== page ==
Christine McFadden Cookery and Food Writing
Instagram
Christine McFadden with students
HOME FOOD WRITING BLOG RECIPES LINKS WE LIKE CONTACT
ARCHIVE
A Taste of Rabbit
Alternative Pancakes
Beyond Carrot Cake
Bountiful Blackberries
Cherries are the Only Fruit
Cooking With
What You’ve Got
Cool Curries
Do I Dare to Eat a Peach?
Drupe Fruit
Feel the Fear and
Cook it Anyway
Glorious Globes
Glorious Greens
Golden Orbs
Good Eggs
Gooseberries
Heavenly Herbs
King Cauliflower
More Than Marmalade
Of Cabbages and Kings
Pears and Partridges
Pumpkins and Winter Squash
Roasting Chestnuts
Rhubarb Renaissance
Sicilian Utopia
Strawberry Fare
The Meat of Kings
The Not-So-Humble Parsnip
Time for Pie
Time to Talk About Eggs
Watercress – a culinary hero
We Won't Go Until
We Get Some
Celery vegetables cookery recipes Christine McFadden
 

Christine's blog

This is the place to enjoy Christine's food-related musings – from seasonal food and food producers to cooking tools, food markets and gastro-travel. You'll also find some must-try recipes and invaluable tips and techniques.

Celebrating celery

Unjustly unappreciated, celery is one of the most wonderful vegetables I know. I loved it as a child when a special jug of crisp stalks would appear without fail for Sunday tea. As an adult, I love the earthy aroma that caresses the nostrils when removing the root or ripping away the strings. I appreciate the crisp texture and the nutty, sharp, slightly sweet flavour. I’m especially fond of chopped stalks in meaty stews and sludgy soups, and I like using the leaves to magically enliven salads and sandwiches.

Most supermarkets tend to sell imported green celery, neatly trimmed and incarcerated in plastic. That said, soil-encrusted heads of what I call proper celery occasionally appear on the shelves. It has impressively fat stalks and a sweeping crown of leaves. Also worth looking for is organic celery – it has a stronger earthier flavour than regular celery.

Celery is essential for well-flavoured stock. This is where the fibrous outer stalks come in handy – use a couple chopped into big chunks, along with an onion and one or two carrots. Moving inwards, medium-sized stalks, thinly sliced, add crunch to a salad. How about an autumnal combination of crisp celery, juicy pears, crumbled blue cheese and new season wet walnuts? Best of all is the heart with its virginal tightly packed stalks. They’re lovely to nibble on, dipped in sea salt with a platter of cheese, and just right for muddling a Bloody Mary cocktail.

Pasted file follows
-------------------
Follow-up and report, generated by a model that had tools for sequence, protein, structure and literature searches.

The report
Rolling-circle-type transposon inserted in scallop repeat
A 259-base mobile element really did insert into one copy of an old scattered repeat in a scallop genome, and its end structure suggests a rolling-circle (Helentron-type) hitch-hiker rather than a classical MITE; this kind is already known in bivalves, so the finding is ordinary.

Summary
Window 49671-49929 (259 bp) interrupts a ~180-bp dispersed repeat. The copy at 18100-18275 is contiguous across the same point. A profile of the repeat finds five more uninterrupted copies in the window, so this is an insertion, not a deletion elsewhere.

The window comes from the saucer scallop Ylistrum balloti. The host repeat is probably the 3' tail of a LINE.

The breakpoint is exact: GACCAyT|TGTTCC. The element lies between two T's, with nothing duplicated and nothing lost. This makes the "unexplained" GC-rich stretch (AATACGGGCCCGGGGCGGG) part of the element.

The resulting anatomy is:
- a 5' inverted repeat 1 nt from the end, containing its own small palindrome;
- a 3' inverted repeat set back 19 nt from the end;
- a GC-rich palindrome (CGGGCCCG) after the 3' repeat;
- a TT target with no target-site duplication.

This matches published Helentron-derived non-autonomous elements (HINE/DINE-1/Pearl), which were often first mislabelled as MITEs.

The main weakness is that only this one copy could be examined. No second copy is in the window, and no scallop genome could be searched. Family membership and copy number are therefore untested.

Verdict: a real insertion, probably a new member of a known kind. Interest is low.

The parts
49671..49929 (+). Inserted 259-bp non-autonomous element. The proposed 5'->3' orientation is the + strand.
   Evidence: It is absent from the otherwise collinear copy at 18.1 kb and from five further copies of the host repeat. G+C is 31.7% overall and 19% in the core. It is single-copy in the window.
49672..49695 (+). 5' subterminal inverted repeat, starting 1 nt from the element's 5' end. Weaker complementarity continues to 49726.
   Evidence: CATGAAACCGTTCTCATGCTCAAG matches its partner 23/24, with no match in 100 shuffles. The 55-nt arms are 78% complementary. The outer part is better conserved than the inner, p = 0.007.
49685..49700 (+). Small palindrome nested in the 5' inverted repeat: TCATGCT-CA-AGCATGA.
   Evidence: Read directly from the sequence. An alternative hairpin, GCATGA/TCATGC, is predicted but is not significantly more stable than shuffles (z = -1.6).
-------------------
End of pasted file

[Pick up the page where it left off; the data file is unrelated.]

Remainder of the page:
Cooked celery is another matter. (Those of a certain age will shudder at the memory of waterlogged braised celery, inevitably served at old-fashioned hotels.) For inspiration we need to look to Italy where cooked celery is considered a delicacy. Destringed, chopped and lightly steamed green stalks add texture and subtle colour to a risotto. The chopped leaves and diced inner stalks are good sizzled with anchovies or pancetta, garlic and a little chopped chilli – use as a lively garnish for soup or pasta. Celery is also essential in soffrito, an aromatic mix of celery, onions, carrots and herbs simmered in oil that forms the base of so many Italian dishes.

I like celery sliced diagonally and steamed with spinach. The contrast in colour and texture is particularly pleasing. It is also an excellent partner to barley in my recipe for Celery and Barley Soup with Seeds, a sludge-coloured but fortifying soup brought to life by a shower of greenery and tasty seeds. It puts to good use an entire bunch of celery, including the coarse outer stalks.

This is the time of year when die-hard celery lovers like me celebrate Fenland celery. This is a crisp white variety dating back to Victorian times when it was grown especially for London’s Christmas markets. It is meticulously cultivated using traditional methods and, as such, has been awarded Protected Geographical Indication (PGI) status from the European Commission, joining the ranks of Italian Parma Ham and French Champagne. Fenland celery is available for just eight short weeks between October and December, so now is the time to get crunching.

 

© Christine McFadden, October 2020

    Photography: Christine McFadden    
© 2020 The Dorset Foodie | Website by Compass